By establishing a date-certain for the termination of actions, the repose period "enables malpractice insurers to predict future liabilities and alleviate their need to maintain loss reserves." Fricka v. Bauer, 309 Ill. App. 3d 82, 86 (1st Dist. 1999) (internal citation omitted). Moreover, statutes of repose "represent a pervasive legislative judgment that justice requires an adversary to be put on notice to defend for a specific period of time, after which the right to be free of stale claims in time comes to prevail over the right to prosecute them." Sorenson v. Law Offices of Theodore Poehlmann, 327 Ill. App. 3d 706, 709 (2d Dist. 2002)(internal citations omitted). Absent the statute of repose, the statute of limitation would be "essentially open-ended" or "a limitations period without a limit." Id.
For all of the above reasons, Illinois courts have heretofore rejected the "continuous representation" rule as an exception to the statute of repose. See, Sorenson v. Law Offices of Theodore Poehlmann, 327 Ill. App. 3d 706, 710 (2d Dist. 2002) (the continued existence of the attorney-client relationship after the acts or omissions alleged to have caused injury has no effect on the repose period); Witt v. Jones & Jones Law Offices, P.C., 269 Ill. App. 3d 540, 544 (4th Dist. 1995) (rejecting a continuous representation rule).
Not all jurisdictions follow Illinois' historical refusal to recognize a continuous representation rule. The justifications for applying the rule to toll the period of limitations and/or repose were summarized by one New York court as follows:
[T]he rule recognizes that a person seeking professional assistance has a right to repose confidence in the professional's ability and good faith, and realistically cannot be expected to question and assess the techniques employed or the manner in which the services are rendered. Neither is a person expected to jeopardize his pending case or his relationship with the attorney handling that case during the period that the attorney continues to represent the person. Since it is impossible to envision a situation where commencing a malpractice suit would not affect the professional relationship, the rule of continuous representation tolls the running of the Statute of Limitations on the malpractice claim until the ongoing representation is completed.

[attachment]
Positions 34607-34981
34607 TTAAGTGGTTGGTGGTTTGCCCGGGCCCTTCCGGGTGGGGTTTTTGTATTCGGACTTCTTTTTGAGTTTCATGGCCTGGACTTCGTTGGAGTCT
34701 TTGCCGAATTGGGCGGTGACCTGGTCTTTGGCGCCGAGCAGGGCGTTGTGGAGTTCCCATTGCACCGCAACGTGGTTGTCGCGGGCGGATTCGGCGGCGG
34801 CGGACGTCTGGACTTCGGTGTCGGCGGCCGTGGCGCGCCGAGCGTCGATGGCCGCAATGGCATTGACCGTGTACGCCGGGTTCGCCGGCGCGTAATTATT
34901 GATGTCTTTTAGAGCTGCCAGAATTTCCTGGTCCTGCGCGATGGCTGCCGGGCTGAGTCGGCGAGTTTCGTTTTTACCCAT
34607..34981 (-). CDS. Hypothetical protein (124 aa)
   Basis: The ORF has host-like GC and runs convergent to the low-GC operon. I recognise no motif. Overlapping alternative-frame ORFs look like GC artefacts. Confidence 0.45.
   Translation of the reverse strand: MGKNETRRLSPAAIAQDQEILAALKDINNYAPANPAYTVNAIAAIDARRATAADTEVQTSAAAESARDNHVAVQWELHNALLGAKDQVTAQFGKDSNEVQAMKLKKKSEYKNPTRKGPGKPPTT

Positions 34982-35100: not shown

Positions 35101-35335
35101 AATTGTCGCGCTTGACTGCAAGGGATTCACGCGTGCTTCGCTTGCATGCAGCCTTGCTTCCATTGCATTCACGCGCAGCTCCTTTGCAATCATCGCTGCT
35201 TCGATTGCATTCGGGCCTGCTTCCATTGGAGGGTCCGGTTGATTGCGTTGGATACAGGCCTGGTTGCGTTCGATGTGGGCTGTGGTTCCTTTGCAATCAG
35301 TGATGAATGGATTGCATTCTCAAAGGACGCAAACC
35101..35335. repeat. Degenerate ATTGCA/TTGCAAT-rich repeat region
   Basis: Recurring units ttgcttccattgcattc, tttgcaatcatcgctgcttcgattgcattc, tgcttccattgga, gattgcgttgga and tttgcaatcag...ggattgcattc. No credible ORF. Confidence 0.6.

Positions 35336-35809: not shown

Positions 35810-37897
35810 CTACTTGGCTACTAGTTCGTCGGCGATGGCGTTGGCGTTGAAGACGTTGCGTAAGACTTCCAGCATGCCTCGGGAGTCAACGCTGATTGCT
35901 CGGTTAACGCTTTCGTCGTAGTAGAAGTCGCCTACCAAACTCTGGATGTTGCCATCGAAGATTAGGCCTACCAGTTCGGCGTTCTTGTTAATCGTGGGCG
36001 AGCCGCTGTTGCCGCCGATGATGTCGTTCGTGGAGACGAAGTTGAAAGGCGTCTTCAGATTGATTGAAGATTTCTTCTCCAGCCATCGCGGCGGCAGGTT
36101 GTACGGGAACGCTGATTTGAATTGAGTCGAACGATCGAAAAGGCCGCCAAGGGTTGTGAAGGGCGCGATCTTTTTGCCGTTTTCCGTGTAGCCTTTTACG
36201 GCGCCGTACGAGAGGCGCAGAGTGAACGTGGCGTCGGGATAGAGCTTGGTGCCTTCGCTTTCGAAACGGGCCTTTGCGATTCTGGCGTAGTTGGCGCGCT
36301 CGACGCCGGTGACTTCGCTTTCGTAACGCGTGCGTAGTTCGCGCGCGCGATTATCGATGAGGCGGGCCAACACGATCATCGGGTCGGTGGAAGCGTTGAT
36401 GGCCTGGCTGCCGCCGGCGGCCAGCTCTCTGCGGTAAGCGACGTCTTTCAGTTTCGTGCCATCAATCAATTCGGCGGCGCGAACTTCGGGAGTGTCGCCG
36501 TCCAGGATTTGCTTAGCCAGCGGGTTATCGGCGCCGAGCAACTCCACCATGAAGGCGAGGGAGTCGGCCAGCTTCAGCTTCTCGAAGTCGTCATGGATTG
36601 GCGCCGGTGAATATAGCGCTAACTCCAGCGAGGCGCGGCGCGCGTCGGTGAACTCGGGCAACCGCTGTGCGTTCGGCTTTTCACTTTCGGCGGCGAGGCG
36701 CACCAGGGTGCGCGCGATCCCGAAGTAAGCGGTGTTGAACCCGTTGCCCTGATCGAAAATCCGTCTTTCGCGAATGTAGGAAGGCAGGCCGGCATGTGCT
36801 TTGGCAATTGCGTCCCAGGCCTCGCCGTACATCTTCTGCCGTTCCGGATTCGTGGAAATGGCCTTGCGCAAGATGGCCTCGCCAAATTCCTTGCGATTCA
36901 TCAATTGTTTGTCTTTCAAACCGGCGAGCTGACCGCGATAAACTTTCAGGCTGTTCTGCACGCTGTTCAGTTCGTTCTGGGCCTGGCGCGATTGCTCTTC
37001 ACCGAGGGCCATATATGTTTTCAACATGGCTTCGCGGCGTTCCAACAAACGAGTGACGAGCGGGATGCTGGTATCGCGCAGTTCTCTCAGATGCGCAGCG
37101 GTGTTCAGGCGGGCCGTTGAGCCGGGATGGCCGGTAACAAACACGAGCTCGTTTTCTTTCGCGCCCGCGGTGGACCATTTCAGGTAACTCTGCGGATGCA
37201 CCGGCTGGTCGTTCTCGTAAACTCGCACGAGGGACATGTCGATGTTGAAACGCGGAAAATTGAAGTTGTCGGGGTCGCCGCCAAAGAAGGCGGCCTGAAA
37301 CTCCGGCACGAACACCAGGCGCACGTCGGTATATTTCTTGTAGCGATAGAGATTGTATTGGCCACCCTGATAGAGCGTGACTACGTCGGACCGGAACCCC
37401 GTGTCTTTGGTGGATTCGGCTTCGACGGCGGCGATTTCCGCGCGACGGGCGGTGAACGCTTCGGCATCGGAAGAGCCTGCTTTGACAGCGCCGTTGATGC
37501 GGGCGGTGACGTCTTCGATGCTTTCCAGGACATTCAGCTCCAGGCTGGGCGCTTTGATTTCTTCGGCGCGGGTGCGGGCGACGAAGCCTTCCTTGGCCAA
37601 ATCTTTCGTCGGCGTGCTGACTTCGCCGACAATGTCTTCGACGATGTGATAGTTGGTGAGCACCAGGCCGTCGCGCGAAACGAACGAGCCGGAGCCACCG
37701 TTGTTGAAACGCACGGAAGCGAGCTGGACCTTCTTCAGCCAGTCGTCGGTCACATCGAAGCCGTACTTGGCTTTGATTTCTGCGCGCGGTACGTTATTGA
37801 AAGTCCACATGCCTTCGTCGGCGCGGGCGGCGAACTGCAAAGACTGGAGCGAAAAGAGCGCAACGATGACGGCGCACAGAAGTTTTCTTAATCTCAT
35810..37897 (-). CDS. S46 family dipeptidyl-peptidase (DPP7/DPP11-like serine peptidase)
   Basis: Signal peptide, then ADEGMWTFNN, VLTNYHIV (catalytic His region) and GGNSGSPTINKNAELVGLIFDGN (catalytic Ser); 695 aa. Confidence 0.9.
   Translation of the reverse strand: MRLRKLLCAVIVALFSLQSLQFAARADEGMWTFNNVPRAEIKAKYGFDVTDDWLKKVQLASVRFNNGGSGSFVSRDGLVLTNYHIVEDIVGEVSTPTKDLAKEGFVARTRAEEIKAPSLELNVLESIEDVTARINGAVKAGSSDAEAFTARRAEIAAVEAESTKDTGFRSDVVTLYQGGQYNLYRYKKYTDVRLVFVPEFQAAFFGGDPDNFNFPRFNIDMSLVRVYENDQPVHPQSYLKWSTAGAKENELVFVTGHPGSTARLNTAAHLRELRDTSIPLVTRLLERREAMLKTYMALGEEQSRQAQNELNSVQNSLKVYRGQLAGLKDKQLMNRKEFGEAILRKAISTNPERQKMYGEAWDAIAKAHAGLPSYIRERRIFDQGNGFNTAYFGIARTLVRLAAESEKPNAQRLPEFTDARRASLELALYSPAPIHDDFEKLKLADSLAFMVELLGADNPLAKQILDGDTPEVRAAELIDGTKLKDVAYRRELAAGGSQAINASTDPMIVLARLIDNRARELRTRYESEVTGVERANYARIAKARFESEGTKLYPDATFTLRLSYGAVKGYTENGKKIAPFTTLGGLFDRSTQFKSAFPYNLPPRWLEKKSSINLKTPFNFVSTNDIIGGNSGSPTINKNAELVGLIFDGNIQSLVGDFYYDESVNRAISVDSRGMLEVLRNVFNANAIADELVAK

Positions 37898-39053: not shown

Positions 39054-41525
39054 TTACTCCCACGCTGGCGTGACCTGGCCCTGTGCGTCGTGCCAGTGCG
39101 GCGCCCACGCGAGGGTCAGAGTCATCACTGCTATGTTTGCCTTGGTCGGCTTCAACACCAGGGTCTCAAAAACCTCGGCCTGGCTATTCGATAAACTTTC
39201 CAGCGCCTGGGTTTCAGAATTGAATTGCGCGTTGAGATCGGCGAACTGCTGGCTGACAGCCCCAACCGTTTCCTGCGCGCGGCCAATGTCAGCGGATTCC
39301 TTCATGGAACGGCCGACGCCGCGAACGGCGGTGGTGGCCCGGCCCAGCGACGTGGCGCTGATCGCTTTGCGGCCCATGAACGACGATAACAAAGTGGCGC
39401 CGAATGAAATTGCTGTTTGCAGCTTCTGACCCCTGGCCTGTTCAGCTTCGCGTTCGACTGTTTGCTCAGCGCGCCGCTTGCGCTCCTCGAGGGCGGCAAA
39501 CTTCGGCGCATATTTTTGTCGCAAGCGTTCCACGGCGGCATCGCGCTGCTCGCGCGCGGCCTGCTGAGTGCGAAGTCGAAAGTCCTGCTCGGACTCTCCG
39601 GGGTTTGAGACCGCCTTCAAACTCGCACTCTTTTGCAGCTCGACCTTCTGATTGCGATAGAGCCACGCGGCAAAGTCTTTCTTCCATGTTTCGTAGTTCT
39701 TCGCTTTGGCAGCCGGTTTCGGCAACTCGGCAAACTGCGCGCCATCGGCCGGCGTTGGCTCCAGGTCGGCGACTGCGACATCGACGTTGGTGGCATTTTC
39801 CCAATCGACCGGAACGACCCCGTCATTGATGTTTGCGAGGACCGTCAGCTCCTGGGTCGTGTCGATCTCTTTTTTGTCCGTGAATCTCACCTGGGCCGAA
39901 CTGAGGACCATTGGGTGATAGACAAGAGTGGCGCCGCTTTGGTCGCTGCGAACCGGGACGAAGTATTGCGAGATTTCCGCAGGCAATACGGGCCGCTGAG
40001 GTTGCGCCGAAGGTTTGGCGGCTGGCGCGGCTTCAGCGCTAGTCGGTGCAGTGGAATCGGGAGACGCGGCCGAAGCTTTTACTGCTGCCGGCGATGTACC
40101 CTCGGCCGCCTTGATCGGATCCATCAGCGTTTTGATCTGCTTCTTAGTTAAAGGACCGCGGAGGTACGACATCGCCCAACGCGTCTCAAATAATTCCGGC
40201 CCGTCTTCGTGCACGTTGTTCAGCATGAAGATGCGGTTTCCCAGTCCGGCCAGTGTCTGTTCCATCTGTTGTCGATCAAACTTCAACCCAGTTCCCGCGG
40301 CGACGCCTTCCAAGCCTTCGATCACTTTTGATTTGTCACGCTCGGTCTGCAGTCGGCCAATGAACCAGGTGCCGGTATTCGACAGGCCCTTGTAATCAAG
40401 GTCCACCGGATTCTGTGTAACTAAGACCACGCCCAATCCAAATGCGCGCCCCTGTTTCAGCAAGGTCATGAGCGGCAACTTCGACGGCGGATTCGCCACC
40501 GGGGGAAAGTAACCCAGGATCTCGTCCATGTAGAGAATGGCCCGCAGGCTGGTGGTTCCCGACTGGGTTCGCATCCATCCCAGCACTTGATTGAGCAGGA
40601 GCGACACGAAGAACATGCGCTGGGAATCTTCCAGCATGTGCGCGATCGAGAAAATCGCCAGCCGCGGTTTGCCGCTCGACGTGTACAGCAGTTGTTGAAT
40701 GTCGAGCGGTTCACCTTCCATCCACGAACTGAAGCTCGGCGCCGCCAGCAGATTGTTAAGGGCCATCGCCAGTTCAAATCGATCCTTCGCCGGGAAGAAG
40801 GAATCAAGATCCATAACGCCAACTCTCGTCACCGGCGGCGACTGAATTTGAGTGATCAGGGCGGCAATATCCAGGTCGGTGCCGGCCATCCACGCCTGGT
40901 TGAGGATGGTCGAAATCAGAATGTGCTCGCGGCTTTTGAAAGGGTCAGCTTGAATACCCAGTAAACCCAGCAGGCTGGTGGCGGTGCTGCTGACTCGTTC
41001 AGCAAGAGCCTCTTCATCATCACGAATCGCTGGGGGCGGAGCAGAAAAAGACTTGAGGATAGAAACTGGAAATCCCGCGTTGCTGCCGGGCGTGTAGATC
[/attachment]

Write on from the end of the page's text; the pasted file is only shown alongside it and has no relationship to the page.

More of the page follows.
Glamm v. Allen, 57 N.Y.2d 87, 93-94 (N.Y. 1982)(internal citations omitted).
Illinois Senate Bill 2952, as it was introduced, raises a number of unanswered questions. Does the Bill's "knowing concealment" exception modify the previously-enacted fraudulent concealment statute for claims against attorneys by tolling the time to file suit from five years (Section 5/13-215) to six years (Section 5/13-214.3(c))? Does the Bill aim to upend Illinois' longstanding exception to the "knowing concealment" exception regarding a client's discovery of the fraudulent concealment during the original period of limitation rendering Section 13-215 of no consequence?
Similarly, the Bill's "continuous representation" exception raises a number of additional unanswered questions. If enacted, would the continuous representation rule only apply to toll the statute of repose, or would it also toll the statute of limitation? Although the proposed amendment is found in Illinois' statute of repose, the language in the Bill uses the phrase "period of limitations." If the Bill's continuous representation rule only aims to toll the period of repose, can a client's malpractice cause of action accrue prior to the termination of the attorney-client relationship if he or she knew or reasonably should have known of the injury for which damages are sought and that they were caused by the attorney's wrongful acts or omissions?
Whatever the answers to these questions, Illinois may soon find itself joining the ranks of those jurisdictions that recognize and apply the continuous representation rule to toll the time for filing malpractice claims against attorneys. Irrespective of the Bill's passage or demise, it is both good business practice, and good risk management, to keep your client notified in writing regarding the status of his or her case at all times. If you receive an adverse ruling from the court or miss an important deadline, communicate that information to your client and, when necessary, withdraw from the case. Doing so may not insulate the lawyer from legal malpractice claims, but written status updates provide a service to the client and at the same time provide evidence regarding the precise point in time when the client knew or should have known of the injury for which damages are sought.